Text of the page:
interest and got into airplanes and the car sat. He had it
stored in the basement of one of the houses he owned and did
turn the motor over every quarter with the battery. He sold
the house 3 years ago and I bought the car. It has some
rust, but a lot of it is in remarkable condition. The front
end and underneath were redone. I bought a new interior to
install and have the body parts, now to get the money to
have the body work and painting done.–
1967 Series 1Roadster
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In reply to a message from Gary67XKE sent Thu 30 Apr 2009:

Mine sat for about 10 years.

Doing the rebuild yourself is actually quite easy as long as you
don’t mess with the needle. I use a lot of carb cleaner!

You probably have bad floats in those two that have no gas. I have
a dual carb on my 68, one had gas, other was dry (couple years
after getting it running again). Guess what? Dry one had a bad
float.

While you are there, make sure the butterfly valves aren’t sticking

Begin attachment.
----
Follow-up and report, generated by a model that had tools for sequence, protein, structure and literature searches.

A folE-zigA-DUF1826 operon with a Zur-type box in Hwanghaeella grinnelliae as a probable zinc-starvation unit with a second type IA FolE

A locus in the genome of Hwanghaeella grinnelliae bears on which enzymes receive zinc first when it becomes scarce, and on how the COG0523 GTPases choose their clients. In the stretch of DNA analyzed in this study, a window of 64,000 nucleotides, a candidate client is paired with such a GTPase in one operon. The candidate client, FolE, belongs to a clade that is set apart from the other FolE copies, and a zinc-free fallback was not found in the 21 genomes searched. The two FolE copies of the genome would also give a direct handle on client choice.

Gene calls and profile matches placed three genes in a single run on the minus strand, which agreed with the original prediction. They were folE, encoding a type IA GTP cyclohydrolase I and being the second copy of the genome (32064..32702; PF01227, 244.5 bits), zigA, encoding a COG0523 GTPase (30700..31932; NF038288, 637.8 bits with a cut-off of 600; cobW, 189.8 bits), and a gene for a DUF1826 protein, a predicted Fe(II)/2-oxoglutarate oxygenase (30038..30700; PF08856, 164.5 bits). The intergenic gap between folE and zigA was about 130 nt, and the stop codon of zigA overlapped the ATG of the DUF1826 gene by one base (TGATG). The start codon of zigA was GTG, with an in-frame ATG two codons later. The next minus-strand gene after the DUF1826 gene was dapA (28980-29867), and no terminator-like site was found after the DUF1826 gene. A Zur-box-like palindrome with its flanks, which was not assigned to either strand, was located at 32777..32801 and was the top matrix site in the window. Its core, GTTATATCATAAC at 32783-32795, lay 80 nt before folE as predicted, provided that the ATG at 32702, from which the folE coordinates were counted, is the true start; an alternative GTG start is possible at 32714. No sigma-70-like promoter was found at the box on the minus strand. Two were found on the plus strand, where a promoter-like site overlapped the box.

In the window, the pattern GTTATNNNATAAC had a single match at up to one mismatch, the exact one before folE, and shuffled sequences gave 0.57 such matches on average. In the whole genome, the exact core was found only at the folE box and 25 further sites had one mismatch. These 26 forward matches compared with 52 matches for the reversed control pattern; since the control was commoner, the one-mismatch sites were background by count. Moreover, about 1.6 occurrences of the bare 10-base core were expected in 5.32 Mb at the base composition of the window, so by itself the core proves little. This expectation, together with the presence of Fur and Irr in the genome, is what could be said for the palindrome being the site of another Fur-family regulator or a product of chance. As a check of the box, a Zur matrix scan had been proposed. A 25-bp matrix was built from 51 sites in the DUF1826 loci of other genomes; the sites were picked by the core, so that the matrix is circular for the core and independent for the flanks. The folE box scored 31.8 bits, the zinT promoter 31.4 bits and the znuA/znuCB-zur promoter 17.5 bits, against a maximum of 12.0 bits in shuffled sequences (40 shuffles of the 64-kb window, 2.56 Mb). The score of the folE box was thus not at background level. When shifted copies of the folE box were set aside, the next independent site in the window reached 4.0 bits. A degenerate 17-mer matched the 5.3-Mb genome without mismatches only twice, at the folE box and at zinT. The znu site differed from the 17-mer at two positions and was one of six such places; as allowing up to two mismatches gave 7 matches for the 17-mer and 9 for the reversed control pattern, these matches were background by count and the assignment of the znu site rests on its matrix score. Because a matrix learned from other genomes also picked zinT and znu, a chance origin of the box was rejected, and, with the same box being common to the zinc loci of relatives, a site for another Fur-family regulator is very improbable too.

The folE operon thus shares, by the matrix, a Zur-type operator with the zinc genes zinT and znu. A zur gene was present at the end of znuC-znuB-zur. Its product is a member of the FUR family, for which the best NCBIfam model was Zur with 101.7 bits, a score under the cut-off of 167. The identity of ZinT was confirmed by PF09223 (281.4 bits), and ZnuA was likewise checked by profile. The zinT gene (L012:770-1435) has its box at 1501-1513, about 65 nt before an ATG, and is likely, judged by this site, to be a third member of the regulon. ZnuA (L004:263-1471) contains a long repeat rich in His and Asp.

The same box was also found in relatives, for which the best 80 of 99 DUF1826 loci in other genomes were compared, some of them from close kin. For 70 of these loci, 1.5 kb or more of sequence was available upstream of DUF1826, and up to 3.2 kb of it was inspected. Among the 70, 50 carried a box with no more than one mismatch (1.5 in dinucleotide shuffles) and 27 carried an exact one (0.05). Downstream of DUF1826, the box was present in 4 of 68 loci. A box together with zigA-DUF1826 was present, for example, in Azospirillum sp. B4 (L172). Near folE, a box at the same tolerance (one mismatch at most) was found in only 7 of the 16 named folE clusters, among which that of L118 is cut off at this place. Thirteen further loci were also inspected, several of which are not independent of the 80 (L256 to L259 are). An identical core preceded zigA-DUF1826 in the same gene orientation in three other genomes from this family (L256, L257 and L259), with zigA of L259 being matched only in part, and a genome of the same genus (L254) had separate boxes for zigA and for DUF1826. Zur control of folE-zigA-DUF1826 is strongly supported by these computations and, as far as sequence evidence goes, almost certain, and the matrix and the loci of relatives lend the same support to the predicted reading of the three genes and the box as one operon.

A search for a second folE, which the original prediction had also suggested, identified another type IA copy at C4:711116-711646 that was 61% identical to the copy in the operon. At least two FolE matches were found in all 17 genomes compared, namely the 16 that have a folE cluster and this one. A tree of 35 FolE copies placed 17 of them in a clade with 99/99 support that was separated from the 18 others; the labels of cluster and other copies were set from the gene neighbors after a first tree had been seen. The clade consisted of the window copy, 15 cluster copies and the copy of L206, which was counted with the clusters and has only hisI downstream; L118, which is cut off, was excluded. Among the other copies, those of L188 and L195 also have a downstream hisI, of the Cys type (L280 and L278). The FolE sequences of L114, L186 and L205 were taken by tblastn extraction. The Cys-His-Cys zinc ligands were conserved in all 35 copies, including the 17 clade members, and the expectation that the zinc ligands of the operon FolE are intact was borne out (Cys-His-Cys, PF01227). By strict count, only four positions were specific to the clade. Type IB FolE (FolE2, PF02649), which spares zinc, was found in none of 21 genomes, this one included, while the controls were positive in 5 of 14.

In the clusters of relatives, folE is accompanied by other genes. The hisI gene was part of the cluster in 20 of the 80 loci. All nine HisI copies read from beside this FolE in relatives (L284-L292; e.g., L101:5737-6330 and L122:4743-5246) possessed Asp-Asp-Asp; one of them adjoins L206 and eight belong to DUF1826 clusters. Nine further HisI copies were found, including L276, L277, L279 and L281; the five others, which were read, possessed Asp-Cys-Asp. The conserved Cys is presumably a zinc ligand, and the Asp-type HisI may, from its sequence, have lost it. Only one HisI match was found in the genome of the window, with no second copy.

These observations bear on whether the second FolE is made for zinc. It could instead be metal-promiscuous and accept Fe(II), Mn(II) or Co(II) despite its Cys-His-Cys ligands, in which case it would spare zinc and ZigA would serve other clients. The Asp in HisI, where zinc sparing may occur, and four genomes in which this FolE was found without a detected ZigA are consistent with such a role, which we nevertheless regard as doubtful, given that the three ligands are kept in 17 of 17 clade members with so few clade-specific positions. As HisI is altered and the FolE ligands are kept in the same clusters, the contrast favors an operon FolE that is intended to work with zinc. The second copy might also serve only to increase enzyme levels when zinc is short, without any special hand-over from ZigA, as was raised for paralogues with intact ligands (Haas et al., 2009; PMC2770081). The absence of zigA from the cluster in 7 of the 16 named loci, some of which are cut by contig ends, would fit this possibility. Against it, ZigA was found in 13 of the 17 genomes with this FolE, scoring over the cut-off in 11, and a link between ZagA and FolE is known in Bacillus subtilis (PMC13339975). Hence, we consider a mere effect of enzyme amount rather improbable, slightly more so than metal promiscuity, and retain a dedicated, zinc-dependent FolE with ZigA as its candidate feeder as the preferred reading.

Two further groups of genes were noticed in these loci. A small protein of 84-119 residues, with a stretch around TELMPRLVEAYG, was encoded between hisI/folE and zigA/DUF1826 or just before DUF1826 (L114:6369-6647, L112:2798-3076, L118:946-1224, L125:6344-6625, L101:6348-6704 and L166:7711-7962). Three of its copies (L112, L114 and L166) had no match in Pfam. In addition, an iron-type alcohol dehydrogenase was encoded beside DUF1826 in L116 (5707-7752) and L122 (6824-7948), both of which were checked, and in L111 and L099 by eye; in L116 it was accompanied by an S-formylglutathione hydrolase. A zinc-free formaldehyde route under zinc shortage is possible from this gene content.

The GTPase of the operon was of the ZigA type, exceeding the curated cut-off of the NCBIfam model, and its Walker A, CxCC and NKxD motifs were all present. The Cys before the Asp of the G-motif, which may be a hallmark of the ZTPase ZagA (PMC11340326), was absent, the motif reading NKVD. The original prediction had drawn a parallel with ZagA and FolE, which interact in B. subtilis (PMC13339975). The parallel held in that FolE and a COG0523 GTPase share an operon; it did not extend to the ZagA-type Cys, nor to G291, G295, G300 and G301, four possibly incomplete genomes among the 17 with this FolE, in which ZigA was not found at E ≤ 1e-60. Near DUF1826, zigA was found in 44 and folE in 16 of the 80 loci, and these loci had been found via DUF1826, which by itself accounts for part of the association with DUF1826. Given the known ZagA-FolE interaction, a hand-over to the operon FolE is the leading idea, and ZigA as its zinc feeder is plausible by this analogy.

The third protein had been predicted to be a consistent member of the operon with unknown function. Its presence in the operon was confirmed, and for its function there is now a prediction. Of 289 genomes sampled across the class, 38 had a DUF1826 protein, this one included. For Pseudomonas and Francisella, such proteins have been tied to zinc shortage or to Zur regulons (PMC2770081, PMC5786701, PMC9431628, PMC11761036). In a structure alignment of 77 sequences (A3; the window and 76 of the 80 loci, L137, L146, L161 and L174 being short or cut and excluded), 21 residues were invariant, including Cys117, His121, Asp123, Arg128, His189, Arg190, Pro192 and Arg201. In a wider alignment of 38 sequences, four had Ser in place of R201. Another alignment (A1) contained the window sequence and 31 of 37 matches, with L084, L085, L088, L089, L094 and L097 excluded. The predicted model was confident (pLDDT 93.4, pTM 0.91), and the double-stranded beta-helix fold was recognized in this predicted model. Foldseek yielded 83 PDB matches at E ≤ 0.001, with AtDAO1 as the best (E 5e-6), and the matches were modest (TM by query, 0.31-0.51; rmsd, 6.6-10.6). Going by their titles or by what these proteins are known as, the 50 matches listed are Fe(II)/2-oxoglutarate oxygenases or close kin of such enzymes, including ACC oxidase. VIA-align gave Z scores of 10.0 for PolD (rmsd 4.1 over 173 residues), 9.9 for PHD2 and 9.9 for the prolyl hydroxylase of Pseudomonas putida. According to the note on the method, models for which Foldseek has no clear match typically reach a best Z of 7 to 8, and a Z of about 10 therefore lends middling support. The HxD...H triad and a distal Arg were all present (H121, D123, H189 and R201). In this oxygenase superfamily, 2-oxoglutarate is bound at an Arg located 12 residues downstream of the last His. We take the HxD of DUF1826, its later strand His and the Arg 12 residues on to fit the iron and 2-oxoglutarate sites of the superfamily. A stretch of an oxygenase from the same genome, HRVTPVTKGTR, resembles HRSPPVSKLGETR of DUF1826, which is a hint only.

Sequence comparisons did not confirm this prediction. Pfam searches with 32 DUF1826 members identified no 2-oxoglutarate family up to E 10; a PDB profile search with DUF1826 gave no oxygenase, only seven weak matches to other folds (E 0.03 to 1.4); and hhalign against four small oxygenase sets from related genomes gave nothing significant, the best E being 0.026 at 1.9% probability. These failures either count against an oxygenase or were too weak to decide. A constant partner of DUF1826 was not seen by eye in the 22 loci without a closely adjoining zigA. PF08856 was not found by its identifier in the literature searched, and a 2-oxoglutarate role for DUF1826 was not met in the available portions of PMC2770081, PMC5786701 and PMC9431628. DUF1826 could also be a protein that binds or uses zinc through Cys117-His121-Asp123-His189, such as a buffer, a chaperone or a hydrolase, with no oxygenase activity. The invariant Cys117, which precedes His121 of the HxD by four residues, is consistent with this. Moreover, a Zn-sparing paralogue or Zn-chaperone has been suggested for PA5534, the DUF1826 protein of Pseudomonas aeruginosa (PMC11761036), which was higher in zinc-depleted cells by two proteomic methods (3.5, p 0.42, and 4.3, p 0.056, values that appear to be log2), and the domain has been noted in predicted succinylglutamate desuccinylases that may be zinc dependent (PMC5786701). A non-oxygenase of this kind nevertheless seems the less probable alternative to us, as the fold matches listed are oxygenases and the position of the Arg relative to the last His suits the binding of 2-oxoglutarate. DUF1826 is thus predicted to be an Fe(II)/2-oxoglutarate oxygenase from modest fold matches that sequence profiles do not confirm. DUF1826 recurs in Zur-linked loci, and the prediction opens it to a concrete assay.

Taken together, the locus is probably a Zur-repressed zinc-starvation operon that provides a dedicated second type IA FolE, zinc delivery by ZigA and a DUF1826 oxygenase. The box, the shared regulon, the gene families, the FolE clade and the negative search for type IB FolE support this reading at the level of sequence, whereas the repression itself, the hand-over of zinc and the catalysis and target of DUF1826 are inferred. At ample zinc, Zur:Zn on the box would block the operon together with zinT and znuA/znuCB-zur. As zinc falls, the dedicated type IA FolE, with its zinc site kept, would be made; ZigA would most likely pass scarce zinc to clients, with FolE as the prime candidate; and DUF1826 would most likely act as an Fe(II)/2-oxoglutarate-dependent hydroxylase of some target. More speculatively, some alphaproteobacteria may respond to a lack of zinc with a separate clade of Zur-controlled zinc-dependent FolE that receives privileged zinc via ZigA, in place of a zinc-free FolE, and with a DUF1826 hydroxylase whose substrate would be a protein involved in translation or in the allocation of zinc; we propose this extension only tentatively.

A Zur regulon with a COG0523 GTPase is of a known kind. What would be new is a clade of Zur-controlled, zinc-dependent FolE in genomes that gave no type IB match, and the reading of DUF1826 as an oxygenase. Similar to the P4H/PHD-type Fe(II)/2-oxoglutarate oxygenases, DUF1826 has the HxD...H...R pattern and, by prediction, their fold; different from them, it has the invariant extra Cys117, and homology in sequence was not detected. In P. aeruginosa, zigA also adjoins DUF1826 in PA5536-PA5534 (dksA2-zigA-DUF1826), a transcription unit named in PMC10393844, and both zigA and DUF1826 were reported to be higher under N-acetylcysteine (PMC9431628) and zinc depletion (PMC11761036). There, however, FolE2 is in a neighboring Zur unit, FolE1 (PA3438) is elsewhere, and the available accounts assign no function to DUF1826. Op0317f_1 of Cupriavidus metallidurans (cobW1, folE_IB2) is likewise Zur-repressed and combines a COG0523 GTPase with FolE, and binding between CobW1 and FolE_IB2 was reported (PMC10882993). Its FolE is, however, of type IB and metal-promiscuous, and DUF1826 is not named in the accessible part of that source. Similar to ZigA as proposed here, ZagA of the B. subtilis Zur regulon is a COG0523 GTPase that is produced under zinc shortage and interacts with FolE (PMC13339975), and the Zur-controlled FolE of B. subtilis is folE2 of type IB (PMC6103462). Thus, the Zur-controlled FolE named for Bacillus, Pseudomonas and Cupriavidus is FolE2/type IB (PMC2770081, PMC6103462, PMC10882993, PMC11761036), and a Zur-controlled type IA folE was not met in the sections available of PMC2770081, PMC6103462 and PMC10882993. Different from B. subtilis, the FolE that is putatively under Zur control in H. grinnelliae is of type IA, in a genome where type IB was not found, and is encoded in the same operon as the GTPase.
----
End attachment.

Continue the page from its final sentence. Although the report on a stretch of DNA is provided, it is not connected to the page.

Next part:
at all. I had to pull mine apart a couple of times after a long
winter when they started sticking.–
The original message included these comments:

carb fuel bowl has gas, the rear and middle carb bowls are
almost dry as the floats are bottomed out. I put new lines,


Craig Snyder // 1968 S1.5 OTS
Ashburn, VA, United States
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In reply to a message from Craig Snyder sent Thu 30 Apr 2009:

Thanks Craig, I pulled the carbs off tonight and took the
jet and diaphram out of all three. One of the carbs had a
small crack in the diaphram. The other diaphrams seemed kind
of stiff, but not too bad. I will test the floats to see if
they are OK. I will get a rebuild kit for the carbs. The
spring under the diaphram on the front carb is smaller than
the other two. It is only about 2/3 the diameter of the
other two. Any tricks on rebuilding the carbs?–
The original message included these comments:

Mine sat for about 10 years.
Doing the rebuild yourself is actually quite easy as long as you
don’t mess with the needle. I use a lot of carb cleaner!
You probably have bad floats in those two that have no gas. I have
a dual carb on my 68, one had gas, other was dry (couple years
after getting it running again). Guess what? Dry one had a bad
float.
While you are there, make sure the butterfly valves aren’t sticking
winter when they started sticking.

carb fuel bowl has gas, the rear and middle carb bowls are
almost dry as the floats are bottomed out. I put new lines,


1967 Series 1Roadster